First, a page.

• Hosted five staff members from the local newspaper to talk about their professional experiences, including ethical dilemmas.

• Screened “The Paper,” a documentary about a student newspaper at Penn State University, followed by a discussion of diversity in the workplace, particularly in publishing

University of Maryland

• The biggest program of the year was a panel discussion called “Post-Election Media Landscape,” held in D.C. so other pro and campus SPJ chapters and other journalists could participate. It was streamed live on Facebook.

• The chapter worked with other student organizations on campus on programs, including debate watch parties with the College Democrats and College Republicans. Another, with Terps for Israel, was a program with the first Israeli Arab news presented on Hebrew-language Israeli TV.

• Screened “Tickling Giants,” a film about a journalist commonly known as the Egyptian Jon Stewart for his satire show.

Virginia Commonwealth University

• Also screened “Tickling Giants”

• Co-sponsored a lecture by retired CBS News correspondent Wyatt Andrews on the friction between President Donald Trump and the media

• Held a discussion during Native American Indian Heritage Month about the Dakota Access Pipeline and the importance of Native Americans in journalism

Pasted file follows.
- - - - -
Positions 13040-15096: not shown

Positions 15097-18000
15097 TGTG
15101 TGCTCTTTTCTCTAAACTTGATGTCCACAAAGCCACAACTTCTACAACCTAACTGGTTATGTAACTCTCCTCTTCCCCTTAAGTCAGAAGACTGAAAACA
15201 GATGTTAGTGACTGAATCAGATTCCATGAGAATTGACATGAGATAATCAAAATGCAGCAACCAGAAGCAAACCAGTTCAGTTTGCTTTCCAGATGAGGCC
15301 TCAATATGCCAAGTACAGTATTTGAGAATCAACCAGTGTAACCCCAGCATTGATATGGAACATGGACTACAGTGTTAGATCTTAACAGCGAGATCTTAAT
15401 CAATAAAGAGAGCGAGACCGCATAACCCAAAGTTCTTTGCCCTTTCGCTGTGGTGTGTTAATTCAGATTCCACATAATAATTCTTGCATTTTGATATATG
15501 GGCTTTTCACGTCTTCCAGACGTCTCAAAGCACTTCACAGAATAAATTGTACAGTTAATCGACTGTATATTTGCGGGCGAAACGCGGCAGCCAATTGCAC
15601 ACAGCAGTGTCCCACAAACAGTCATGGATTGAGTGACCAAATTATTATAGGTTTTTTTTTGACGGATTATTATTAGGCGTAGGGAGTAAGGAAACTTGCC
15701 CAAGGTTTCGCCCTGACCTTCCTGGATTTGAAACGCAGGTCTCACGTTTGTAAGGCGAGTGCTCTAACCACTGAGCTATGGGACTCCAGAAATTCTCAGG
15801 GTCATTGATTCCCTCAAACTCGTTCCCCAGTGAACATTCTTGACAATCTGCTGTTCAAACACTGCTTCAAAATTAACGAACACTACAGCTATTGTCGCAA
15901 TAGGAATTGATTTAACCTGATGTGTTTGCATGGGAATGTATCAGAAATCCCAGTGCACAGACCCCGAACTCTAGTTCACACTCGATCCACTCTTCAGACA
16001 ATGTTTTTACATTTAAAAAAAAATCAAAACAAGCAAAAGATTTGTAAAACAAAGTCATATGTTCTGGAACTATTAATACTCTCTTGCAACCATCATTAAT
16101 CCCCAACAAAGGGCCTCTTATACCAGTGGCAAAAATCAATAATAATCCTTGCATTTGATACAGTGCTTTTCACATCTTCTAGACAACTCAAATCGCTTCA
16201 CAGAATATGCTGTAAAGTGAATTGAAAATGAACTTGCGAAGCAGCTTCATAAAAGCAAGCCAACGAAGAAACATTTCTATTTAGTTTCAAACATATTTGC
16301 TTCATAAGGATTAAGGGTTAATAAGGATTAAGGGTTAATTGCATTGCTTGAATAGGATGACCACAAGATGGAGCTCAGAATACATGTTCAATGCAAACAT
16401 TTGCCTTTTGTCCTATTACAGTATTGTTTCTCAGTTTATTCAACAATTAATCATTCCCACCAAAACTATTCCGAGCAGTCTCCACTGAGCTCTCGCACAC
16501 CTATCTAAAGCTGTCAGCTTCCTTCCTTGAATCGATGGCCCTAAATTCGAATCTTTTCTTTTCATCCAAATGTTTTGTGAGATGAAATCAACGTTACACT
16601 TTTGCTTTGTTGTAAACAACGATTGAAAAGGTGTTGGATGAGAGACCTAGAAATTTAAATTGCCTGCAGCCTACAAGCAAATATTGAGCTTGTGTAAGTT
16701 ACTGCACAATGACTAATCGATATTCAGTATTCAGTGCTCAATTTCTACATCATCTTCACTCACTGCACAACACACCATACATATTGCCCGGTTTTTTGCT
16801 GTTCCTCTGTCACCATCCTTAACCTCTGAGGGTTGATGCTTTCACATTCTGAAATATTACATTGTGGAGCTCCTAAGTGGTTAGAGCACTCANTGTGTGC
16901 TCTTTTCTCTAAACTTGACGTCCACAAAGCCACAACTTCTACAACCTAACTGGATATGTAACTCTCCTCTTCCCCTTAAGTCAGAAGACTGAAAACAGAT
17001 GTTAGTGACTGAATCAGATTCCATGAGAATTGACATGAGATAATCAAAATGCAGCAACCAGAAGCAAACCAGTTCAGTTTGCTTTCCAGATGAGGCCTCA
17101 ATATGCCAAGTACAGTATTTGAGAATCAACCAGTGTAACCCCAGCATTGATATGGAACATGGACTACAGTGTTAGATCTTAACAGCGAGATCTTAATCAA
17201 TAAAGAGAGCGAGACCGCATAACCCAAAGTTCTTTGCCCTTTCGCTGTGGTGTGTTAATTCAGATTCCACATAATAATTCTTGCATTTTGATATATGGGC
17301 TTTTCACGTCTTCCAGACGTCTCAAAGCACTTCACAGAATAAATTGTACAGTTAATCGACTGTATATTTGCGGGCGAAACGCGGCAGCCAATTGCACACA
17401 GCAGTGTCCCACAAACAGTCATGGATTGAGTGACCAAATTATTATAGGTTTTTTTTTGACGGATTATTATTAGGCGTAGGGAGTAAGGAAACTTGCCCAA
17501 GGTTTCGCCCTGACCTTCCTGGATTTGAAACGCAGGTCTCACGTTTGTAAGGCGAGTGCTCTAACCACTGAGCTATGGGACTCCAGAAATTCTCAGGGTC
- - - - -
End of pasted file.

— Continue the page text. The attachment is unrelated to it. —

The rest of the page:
Washington & Lee University

• Hosted Victoria Reitano, who spoke about “You, Inc. Using Google to be Your Own Boss.”

• The most well attended event was a session on getting jobs after graduation, with tips on presenting yourself and preparing for interviews.

• The chapter supported two ethics institutes hosted by the journalism department. The speakers were NPR executive Keith Woods and Jill Geisler, the Bill Plante Chair in Leadership and Media Integrity at Loyola University Chicago.

Western Carolina University

• The top program was a “One Night Stand,” in which journalism and English students created a zine, without the help of any technology.

• Two chapter officers held workshops on using social media professionally and how to cover hot-button issues.

• Held a social event with the campus chapter of Public Relations Student Society of America.

Salisbury University

• Organized a program with David Burns, an associate professor, on overseas and international journalism.

• Held a First Amendment Free Food Festival. Students had to sign in to get pizza on the top floor of the new library, agreeing to give up their First Amendment rights.

• Worked with student media organizations to hold the school’s first media awards ceremony